On Götz Friedrich’s new Tristan and Isolde – Deutsches Oper Berlin
Johan Engels in Scenaria magazine, 1980
This new production of Götz Friedrich of Tristan and Isolde is being awaited with tremendous excitement, not only because Friedrich is today considered one of the interpreters of Wagner, but also because he is to become the new Intendant of the Deutsches Oper from 1981. Götz Friedrich explains Tristan and Isolde as an “extreme climax in human relationships, on the terribly fine edge between life and death; where one can just as easily plunge into life as into death; accompanied by music that is so sad, so painful that it no longer hurts …” It is often questioned how performable this opera actually is and whether it should not only be performed musically. Friedrich, however, immediately points out Wagner’s inscription: “Tristan und Isolde, eine Handling in Drei Arten,” (AUFZÜGEN) despite the fact that it probably has the most static plot. The action (Handling) referred to here is more inwardly directed: the “action”, for instance, of sorrow and love’s ecstasy. Friedrich’s new Tristan relies heavily on the concept of light and dark, day and night, stark reality opposed to the “Utopian Dream.” Night and darkness blots out the harshness of reality, plays host to the “gloriously sublime.” In Act Three Tristan refers to:
Daylight falsely bright and golden
Its eye wakes my brain
To fraud and delusion…
The holy night
Love and rapture awaits.
The sets for the new production have been designed by Gunther Schneider-Siemsen and the costumes by Inge Justin. Friedrich works very closely with his designers. The ideal result of the collaboration he says, would be a complete blend of their ideas, so that neither could remember whose idea was which. The designer is the visual Dramaturg; and the starting point for their search for the production concept is the simple question, where and when is the piece taking place?
The problem arose whether to realise on stage, the “Utopian dream-world” which was created in the minds of Tristan and Isolde, or whether to approach it more concretely, and from which level the lovers would then be transported into another plane. The latter approach was taken and as a result in production, Friedrich succeeds in making the contrast between dream and reality so much more acute.
Act One is a simple multi-leveled ship deck, surrounded by ropes that tie up to a non-existent mast, against a dark and turbulent sky, beautifully created by means of projectors.
The entire prelude is played with the curtains open, with Isolde, Brangäne and Tristan, dimly lit, already onstage. There is no traditional sail or curtain that separates Isolde’s domain from the rest of the ship. Friedrich’s genius uses this to tremendous effect, by making Isolde’s accusations against Tristan clearly audible to Kurnewal and the rest of the sailors. It is here, amidst this gloom, that Isolde and Tristan, through Brangäne’s “love potion”, discover their ecstasy in love.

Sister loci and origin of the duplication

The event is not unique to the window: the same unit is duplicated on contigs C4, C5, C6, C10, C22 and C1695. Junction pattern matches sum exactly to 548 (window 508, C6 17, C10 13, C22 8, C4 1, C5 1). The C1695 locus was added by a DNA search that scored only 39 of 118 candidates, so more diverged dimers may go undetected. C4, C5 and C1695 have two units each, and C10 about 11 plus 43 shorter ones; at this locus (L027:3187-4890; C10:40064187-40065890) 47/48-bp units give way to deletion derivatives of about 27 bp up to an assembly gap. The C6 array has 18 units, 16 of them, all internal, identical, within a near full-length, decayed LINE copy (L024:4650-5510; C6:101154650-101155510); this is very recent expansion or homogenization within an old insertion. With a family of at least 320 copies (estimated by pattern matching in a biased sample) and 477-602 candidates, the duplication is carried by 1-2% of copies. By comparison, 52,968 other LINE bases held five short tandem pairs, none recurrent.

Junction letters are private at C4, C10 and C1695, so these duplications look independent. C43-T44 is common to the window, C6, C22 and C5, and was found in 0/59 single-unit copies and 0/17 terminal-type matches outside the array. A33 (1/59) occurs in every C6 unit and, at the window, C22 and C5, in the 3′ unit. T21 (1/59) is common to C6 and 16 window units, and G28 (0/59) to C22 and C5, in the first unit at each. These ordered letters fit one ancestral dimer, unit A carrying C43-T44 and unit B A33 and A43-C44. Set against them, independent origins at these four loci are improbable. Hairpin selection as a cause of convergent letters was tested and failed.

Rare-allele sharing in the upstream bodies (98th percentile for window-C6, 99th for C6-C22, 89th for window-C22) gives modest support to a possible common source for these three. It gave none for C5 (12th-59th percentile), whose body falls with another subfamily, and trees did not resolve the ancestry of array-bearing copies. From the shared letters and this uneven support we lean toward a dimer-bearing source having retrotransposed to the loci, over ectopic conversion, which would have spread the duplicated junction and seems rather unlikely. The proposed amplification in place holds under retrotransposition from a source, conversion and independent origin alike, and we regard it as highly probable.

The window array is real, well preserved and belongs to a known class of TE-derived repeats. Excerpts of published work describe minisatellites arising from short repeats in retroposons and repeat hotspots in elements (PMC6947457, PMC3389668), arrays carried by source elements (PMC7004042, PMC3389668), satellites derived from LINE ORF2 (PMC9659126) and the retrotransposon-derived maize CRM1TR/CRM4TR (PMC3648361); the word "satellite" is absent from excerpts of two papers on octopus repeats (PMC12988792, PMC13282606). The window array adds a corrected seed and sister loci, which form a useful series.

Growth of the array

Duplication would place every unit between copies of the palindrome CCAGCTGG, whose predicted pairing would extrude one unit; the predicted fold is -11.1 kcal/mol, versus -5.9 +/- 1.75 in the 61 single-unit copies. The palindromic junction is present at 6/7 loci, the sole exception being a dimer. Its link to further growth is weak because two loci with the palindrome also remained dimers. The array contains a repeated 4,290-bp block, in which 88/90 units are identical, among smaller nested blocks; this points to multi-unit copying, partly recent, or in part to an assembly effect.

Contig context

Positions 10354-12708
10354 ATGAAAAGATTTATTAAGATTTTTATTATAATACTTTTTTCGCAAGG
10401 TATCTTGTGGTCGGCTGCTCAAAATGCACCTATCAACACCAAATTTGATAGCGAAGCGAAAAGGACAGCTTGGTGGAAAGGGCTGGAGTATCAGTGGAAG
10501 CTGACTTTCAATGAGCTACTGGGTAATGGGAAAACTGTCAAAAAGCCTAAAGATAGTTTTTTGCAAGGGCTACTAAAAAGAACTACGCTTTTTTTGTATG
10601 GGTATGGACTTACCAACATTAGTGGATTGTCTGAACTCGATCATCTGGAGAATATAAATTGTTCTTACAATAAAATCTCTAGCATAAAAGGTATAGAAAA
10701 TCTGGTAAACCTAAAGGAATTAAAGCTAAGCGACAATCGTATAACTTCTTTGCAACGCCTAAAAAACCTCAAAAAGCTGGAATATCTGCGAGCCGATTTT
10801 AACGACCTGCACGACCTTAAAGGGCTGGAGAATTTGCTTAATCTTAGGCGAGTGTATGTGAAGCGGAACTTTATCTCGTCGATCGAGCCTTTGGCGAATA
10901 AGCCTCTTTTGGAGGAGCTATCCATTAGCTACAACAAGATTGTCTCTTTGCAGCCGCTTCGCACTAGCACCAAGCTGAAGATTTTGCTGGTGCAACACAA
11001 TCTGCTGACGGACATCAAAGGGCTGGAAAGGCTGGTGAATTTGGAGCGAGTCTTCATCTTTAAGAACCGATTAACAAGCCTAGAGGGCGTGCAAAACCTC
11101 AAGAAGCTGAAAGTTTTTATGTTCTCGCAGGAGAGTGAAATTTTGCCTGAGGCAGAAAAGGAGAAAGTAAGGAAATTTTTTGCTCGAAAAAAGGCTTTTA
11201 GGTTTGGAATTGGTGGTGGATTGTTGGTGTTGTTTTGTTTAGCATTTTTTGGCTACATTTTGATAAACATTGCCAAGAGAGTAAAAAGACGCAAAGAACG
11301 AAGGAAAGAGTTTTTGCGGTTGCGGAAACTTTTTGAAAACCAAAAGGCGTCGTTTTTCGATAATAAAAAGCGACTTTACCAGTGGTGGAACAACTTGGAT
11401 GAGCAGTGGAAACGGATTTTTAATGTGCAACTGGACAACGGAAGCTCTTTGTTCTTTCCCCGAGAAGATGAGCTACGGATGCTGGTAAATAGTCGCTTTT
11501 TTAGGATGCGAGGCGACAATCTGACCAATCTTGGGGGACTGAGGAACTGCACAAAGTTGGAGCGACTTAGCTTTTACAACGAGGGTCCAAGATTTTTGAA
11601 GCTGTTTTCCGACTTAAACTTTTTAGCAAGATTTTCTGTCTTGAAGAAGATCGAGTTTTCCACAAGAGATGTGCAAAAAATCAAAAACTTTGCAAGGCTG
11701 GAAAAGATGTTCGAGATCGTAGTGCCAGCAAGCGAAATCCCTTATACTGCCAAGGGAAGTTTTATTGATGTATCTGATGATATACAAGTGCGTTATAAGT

Friedrich’s “love potion”, however (comparable in Götterdämmerung to Siegfried’s drink offered to him by Waltraute), could be merely a bowl of water. The effect it has on the potential lovers is one which is created according to what effect they want it to have – in this case a love potion.
At the end of the act their ecstasy is harshly interrupted by the light of daybreak and their arrival at Cornwall.
Act Two is set on a grassy plateau, with the castle battlements on one side and an enclosing thorn bush on the other – even further imprisonment for Isolde in this foreign country.
During the love duet clouds, mist and stars slowly descend upon the lovers, until they are totally enveloped in their dream-world of love, totally isolated and removed from harsh reality. This is magically created by layers of black gauzes and delicate back and front projections, leaving an impression of the lovers being suspended in mid-air!
When King Mark and his hunters arrive unexpectedly, Friedrich jolts us back to reality by making use of his polizeischeinwerfen (police spotlight) technique in which the battlements turn into harsh, glaring spotlights. In this cold light Tristan crumples, totally exposed to reality and King Mark’s anger.
In Act Three we find Tristan mortally wounded, lying on a huge solid rock against a lit sky; a brilliant sun tormenting and burning down on him.
As Isolde’s ship approaches, darkness once again descends and eventually, surrounded by the bodies of the slain men, Isolde sings her Liebestod alone, with Tristan high on the rock – eventual fulfilment of love’s ecstasy. And as Friedrich explains, “only love has the power to overcome this delicate line between Life and Death…”